JC: It hit me when I was looking at the extras for the DVD of Ghosts Of Mars. It showed me at the beginning of the process on the set. I looked okay. Then it showed me at the very end of the process, doing the music. I was like a dead man. Dead man walking. I thought, “Okay. All right. I can’t do this for a while. I just can’t.” I thought it was a good time to stop.
AVC: You don’t exactly make things easy on yourself by taking on multiple roles in the production. You’ve directed, written, and composed the music for most of your movies.
JC: That just shows you how stupid I am.
AVC: You’ve managed to make something productive out of your stupidity, at least.
JC: Sort of. Some people would disagree.
AVC: Other than simply recharging your batteries, what made you decide to get back on the horse for The Ward?
JC: As I said, I did Masters Of Horror. It was [executive producer] Mick Garris who got me back. He said, “Come up to Vancouver. We’ve got a great crew up there, and you’ll have a great time.” And he was right. It was an hour show, so about 12 or 13 days of shooting, which wasn’t a big investment. But I enjoyed working with the actors. I just enjoyed the whole thing. And I thought, “I may want to do this again, under the right circumstances.” The right circumstances being a somewhat limited movie. By that I mean small cast, low-to-modest budget, location that’s all there, you don’t have to run around, not a lot of moves. And it would be fun to work with actors again.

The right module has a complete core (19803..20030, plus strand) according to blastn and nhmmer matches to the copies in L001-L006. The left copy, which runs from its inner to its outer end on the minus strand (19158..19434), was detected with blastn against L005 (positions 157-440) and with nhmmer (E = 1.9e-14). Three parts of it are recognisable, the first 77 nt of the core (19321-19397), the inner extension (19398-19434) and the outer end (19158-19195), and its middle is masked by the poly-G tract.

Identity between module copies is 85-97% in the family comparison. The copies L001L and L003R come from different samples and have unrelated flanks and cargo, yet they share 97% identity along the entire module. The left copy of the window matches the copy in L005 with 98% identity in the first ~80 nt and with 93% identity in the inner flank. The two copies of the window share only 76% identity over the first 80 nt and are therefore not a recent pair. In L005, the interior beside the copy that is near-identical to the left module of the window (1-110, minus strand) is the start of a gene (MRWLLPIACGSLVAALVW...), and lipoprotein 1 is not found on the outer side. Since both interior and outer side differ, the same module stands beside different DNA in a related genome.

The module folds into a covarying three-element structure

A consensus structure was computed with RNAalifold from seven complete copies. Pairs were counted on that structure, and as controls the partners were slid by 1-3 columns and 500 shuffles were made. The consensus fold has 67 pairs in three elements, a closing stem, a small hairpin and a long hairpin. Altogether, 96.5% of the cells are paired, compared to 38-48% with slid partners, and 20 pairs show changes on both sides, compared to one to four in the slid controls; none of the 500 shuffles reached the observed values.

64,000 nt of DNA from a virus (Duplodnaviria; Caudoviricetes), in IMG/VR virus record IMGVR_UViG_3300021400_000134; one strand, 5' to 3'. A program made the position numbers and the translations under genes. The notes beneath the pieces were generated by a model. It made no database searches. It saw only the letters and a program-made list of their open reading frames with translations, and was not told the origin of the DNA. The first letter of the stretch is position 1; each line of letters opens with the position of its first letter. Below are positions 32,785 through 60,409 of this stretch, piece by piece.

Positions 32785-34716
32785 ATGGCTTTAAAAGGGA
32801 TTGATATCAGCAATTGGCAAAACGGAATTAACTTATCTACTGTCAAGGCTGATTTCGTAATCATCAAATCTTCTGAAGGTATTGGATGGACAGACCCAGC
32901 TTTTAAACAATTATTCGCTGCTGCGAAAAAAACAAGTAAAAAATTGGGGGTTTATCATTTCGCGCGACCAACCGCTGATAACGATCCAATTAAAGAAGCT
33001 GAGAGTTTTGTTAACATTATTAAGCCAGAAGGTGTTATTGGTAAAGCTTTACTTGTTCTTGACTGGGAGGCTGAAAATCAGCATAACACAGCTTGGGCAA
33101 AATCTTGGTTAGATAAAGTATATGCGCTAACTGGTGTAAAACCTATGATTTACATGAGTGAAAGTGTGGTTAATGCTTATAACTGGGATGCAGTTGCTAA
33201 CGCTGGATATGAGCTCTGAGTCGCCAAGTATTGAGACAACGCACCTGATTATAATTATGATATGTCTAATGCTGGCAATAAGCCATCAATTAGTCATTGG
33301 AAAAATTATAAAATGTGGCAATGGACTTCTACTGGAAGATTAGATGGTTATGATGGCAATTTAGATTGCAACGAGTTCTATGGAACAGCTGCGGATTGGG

AVC: Looking back, a lot of your work consists of siege movies—Assault On Precinct 13 and Escape From New York, The Thing and The Fog, Village Of The Damned, and the last act of In The Mouth Of Madness. The Ward fits that template as well. There’s a practical advantage to that structure in terms of limiting the locations you have to shoot.
JC: Thinking of it another way, I get to spend my days in a room with these beautiful Hollywood actresses. Life isn’t too tough.